Are British companies demanding too much from the queue of private equity houses and foreign buyers lining up to bid for them? Private equity accuses them of an outbreak of irrational exuberance in the prices they seek. Valuations which just a year ago would have seemed bountiful in the extreme are now being turned down flat, without so much as a gentlemanly discussion. All over the shop, bids are failing, or being withdrawn.
The latest to return home with his tail between his legs is Nasdaq's Bob Greifeld. He must have imagined his 950p a share bid for the London Stock Exchange a knockout blow when he first arrived, but now LSE shareholders say the company is worth that merely on a stand-alone basis. Any bidder must pay a big premium on top.
From BAA to HMV and Kesa, and from ITV to Associated British Ports, bid proposals are being rebuffed right, left and centre by investors and boards increasingly prepared to take the risk themselves of higher levels of leverage and the rewards they might bring.
For the LSE at least, the decision was something of a no brainer. Clara Furse, the chief executive, has pluckily seen off one bidder after another - first Deutsche Börse, second Euronext, then Macquarie, and now Nasdaq.
There's always someone, apparently, prepared to pay more. Next up is the mighty New York Stock Exchange. It would have been silly to give way to Mr Greifeld, who had opportunistically nipped in while the NYSE was still busy demutualising, while there is still such a high prospect of an eventual bid from New York. In any case, the LSE seems to be doing quite well enough on its own, to judge by recent figures.
As for the others, the fighting spirit now being demonstrated can only be for the good. It doesn't help the private equity firms, with billions of new money to invest, but that's their lookout. At least they can console themselves with the thought that they are performing a public service by helping to galvanise the British boardroom.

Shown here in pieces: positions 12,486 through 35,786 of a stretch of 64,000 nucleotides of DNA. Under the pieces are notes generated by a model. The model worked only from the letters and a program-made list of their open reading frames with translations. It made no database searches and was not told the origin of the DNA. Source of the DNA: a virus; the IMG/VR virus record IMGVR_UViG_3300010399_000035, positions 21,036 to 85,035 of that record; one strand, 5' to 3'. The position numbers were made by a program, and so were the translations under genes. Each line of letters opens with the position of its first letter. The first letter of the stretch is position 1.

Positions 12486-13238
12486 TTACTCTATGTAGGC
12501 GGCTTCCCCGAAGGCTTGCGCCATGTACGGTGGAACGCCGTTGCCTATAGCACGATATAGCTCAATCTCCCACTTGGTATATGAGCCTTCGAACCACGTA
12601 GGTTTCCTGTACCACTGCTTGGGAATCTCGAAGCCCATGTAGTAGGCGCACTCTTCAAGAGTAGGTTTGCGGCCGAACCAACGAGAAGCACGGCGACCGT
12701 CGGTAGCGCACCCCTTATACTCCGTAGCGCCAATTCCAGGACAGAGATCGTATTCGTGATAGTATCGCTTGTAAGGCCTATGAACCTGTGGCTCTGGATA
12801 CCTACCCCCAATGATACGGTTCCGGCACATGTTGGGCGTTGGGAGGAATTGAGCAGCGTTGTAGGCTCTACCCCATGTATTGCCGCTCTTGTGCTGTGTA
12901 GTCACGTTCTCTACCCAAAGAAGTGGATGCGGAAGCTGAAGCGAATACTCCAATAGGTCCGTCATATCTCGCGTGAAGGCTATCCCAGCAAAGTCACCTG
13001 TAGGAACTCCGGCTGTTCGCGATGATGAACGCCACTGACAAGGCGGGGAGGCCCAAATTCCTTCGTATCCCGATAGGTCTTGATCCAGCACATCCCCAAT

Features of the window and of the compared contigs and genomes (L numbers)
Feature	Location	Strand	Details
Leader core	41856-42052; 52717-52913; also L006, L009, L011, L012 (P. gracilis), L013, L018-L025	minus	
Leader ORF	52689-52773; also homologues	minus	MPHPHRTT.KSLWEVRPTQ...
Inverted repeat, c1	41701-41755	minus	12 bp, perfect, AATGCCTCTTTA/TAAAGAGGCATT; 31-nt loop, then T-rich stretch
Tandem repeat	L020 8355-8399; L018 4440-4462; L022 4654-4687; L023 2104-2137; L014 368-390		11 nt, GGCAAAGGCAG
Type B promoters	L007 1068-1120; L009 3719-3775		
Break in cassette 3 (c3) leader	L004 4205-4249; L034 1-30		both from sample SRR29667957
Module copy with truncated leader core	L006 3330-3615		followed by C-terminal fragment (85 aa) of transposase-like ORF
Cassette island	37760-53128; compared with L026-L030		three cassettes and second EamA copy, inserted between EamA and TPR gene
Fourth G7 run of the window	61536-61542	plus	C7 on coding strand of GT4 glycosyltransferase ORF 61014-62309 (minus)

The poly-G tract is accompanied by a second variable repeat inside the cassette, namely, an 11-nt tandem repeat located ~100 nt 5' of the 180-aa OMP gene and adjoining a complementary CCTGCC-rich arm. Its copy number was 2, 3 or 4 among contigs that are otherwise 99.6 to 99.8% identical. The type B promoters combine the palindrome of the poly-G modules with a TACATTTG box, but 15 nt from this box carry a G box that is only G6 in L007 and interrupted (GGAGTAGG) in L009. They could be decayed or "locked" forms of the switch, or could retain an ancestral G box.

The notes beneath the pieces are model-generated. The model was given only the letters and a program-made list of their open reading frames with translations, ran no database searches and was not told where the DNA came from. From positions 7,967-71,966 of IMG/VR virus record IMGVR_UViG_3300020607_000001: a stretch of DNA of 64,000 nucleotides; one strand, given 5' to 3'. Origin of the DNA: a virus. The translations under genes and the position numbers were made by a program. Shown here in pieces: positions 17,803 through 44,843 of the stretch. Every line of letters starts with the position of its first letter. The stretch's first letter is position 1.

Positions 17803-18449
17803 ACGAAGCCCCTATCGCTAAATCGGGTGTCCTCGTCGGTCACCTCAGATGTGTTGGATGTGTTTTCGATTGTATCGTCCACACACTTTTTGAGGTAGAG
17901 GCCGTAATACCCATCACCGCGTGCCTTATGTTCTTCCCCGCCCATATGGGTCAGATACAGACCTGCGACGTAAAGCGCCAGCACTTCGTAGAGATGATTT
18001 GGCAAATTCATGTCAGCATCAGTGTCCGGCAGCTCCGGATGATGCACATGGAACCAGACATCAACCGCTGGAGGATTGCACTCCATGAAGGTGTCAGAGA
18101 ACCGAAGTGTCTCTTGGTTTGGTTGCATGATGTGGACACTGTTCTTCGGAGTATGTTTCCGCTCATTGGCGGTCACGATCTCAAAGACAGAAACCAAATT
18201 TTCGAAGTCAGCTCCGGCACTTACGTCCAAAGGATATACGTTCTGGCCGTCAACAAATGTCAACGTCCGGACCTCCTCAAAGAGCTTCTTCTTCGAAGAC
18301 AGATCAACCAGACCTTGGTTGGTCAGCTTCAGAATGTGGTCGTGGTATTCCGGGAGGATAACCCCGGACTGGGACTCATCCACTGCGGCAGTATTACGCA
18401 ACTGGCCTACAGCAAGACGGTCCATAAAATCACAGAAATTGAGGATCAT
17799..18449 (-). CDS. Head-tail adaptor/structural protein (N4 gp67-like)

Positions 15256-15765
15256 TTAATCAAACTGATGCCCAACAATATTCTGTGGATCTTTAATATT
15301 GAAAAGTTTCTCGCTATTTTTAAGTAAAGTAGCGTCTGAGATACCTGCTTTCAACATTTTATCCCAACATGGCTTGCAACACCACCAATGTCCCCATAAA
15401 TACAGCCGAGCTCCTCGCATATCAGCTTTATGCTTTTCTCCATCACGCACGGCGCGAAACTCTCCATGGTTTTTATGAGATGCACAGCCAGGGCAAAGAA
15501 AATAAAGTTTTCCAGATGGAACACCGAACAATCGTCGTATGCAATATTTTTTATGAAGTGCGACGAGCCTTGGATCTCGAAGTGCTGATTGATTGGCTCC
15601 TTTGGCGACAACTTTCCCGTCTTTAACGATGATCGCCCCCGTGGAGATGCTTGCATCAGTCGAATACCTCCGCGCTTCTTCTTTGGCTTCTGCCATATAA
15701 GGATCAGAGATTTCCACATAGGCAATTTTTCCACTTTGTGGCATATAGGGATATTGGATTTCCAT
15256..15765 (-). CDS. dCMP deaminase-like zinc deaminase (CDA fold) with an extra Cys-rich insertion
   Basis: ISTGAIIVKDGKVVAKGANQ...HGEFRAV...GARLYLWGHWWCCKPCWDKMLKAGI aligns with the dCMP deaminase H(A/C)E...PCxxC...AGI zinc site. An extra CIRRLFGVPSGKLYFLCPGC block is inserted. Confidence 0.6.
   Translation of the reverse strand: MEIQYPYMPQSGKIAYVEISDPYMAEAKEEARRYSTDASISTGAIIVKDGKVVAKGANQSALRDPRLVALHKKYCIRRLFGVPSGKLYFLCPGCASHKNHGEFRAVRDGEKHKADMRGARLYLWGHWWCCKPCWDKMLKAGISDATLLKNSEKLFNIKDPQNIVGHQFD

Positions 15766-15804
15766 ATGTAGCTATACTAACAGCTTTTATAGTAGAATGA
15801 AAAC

Commission gets it wrong on Ottakar's
The Competition Commission misses the point in provisionally clearing HMV's bid for Ottakar's. The issue was never about price competition in the book market, though in this respect at least, the commission is right: the internet and supermarkets provide as much price competition as you could want, far too much of it, in fact, as far as Ottakar's is concerned, which earlier this week revealed that heavy price discounting had forced it into the red.
If you want cheap, just go to Amazon, and if you really must buy the latest Harry Potter at less than it costs to produce, try Tesco, whose loss leading tactics are undermining not just independent book retailers, but the high street as a whole.
Rather, the issue is about variety. By definition, any merger which creates a player with as much as a quarter of the entire market is bound to dilute consumer choice, the more so in book retailing, where there are literally hundreds of thousands of titles to choose from when stacking the shelves.
The Competition Commission dismisses as misplaced the concern expressed by high ranking members of the literati that the takeover would damage the variety of stock, and, in particular, locally determined book buying policies. In fact, claims the CC, the range of titles is much the same at both companies, and contrary to popular opinion, Waterstone's does allow some local buying.
I cannot say I recognise this finding from my own experience. It is hard to recall the last time I came out of a Waterstone's clutching the title I was looking for. Ottakar's is by contrast a more pleasing, satisfactory and surprising experience. These differences won't survive the homogenisation of the merger.
The only decent argument for allowing this takeover is that book retailing is being massacred by the internet and therefore needs to bulk up to survive. Personally, I cannot see how removing Ottakar's from the firmament is going to help. By further diluting choice on the high street it will only provide another excuse for shopping on Amazon.